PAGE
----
5. Buster Posey, SF (2011: .284 AVG, 4 HR, 21 RBI, 2010: .305 AVG, 18 HR, 67 RBI)
Even though Buster hasn’t even played through an entire season in the majors yet, being called up halfway through 2010 and getting injured a quarter of the way into 2011, he still ranks #5 on my list because of what he can do when he actually does play. He played well enough in 2010 to win Rookie of the Year, with a .305 average, and very solid power numbers. He also played well in the playoffs that year. And in 2011, he was on his way to a very solid year, although not quite as good as his first one, before suffering a season-ending injury. And he’s also a very solid defensive catcher for the Giants. Posey is just an all-around great player.
4. Matt Wieters, BAL (2011: .262 AVG, 22 HR, 68 RBI, 2010: .249 AVG, 11 HR, 55 RBI)
Matt finally is starting to head towards reaching his potential, although his ceiling is quite a bit away. Wieters made his first All-Star team last year and received his first Gold Glove, while posting a decent batting average and some very solid power numbers. However, while last year was a good year, I think this year will be a great year.
3. Joe Mauer, MIN (2011: .287 AVG, 3 HR, 30 RBI, 2010: .327 AVG, 9 HR, 75 RBI)
Even though Joe has had some injury problems over the past few years, he is one of the best players in baseball when he is healthy. He has been selected to four All-Star games, has four Silver Sluggers, three Gold Gloves, and one MVP. That is a very impressive set of accolades to go along with a .323 career average. If not for injury issues, Mauer would easily be the number 1 player on the list.
2. Brian McCann, ATL (2011: .270 AVG, 24 HR, 71 RBI, 2010: .269 AVG, 21 HR, 77 RBI)
McCann, like Mauer, has an impressive set of awards/honors, as he has been named to 6 All-Star teams, and even won All-Star MVP in 2010, and has 5 Silver Sluggers. Brian has been one of the best catchers in all of baseball ever since his first full season in 2006. He has 20+ home runs in 5 of his 6 full seasons in the big leagues, and has 70+ RBIs in all of them. On top of that, he has only hit under .270 once in his seven year career. However, his poor rate of throwing out 22% of base stealers is what keeps him from being #1 on the list.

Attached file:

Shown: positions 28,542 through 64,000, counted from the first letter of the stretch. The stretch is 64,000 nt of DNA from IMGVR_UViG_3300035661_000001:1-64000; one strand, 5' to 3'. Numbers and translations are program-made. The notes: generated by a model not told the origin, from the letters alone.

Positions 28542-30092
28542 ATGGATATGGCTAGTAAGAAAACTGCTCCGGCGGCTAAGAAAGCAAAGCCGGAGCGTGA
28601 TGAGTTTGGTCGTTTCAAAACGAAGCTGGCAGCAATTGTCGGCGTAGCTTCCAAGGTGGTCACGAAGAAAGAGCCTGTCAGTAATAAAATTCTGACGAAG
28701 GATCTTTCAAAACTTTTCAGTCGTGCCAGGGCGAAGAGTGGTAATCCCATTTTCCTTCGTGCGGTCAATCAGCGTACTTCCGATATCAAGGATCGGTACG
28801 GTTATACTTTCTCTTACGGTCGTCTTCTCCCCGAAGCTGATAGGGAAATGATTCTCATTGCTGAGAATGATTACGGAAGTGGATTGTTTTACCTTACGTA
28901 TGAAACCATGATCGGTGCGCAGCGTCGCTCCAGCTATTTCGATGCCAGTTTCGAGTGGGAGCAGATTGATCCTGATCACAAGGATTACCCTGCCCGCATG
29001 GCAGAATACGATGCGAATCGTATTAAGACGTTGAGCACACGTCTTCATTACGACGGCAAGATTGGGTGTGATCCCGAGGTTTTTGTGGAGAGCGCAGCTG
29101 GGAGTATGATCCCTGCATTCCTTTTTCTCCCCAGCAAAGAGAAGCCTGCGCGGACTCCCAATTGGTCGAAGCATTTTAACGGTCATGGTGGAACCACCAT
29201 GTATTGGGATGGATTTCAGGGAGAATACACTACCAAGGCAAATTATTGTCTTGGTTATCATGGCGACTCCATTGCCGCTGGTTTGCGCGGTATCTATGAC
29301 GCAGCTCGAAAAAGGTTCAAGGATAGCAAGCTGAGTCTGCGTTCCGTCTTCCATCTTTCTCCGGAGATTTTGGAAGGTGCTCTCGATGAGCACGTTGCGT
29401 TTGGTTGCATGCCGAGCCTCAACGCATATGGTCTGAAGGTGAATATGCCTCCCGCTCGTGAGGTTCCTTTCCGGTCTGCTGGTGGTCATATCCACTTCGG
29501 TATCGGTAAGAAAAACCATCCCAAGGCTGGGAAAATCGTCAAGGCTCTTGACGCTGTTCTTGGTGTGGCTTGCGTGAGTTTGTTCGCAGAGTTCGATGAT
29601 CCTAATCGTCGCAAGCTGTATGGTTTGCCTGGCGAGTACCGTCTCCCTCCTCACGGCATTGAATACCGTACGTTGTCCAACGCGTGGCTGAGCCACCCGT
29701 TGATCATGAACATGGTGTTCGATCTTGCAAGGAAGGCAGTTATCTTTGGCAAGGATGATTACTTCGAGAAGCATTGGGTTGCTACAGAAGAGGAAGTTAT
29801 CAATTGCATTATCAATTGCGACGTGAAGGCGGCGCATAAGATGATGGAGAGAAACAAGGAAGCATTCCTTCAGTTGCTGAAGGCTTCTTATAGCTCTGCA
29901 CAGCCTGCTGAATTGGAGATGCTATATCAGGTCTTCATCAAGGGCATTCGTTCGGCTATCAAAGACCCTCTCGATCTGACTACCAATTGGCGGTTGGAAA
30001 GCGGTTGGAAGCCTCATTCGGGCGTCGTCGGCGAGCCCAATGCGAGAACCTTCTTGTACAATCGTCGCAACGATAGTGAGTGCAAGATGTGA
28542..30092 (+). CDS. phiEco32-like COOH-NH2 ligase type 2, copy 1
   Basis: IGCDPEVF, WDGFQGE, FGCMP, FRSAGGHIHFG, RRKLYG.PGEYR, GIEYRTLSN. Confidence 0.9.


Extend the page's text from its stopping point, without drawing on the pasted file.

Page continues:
1. Mike Napoli, TEX (2011: .320 AVG, 30 HR, 75 RBI, 2010: .238 AVG, 26 HR, 68 RBI)
While Mike has hit 20+ home runs in each of the three seasons before 2011, last year was really his breakout year, as Napoli had hit .273, .272, and .238 in those years and also played subpar defense with fielding percentages of .986 in two of those three years, while throwing out just 22% of base stealers. However, in 2011, not only did Napoli’s power numbers get even better, setting career highs in home runs with 30 and RBIs with 75, but he set a career high in batting average, at .320, an astounding .092 improvement from the year before, OBP, at .414, and runs, with 72. And not only did his hitting improve, but his defense skyrocketed, as Napoli set a career high in fielding percentage at .996, while throwing out 36% of base stealers.
Come back next week for my top 10 first basemen.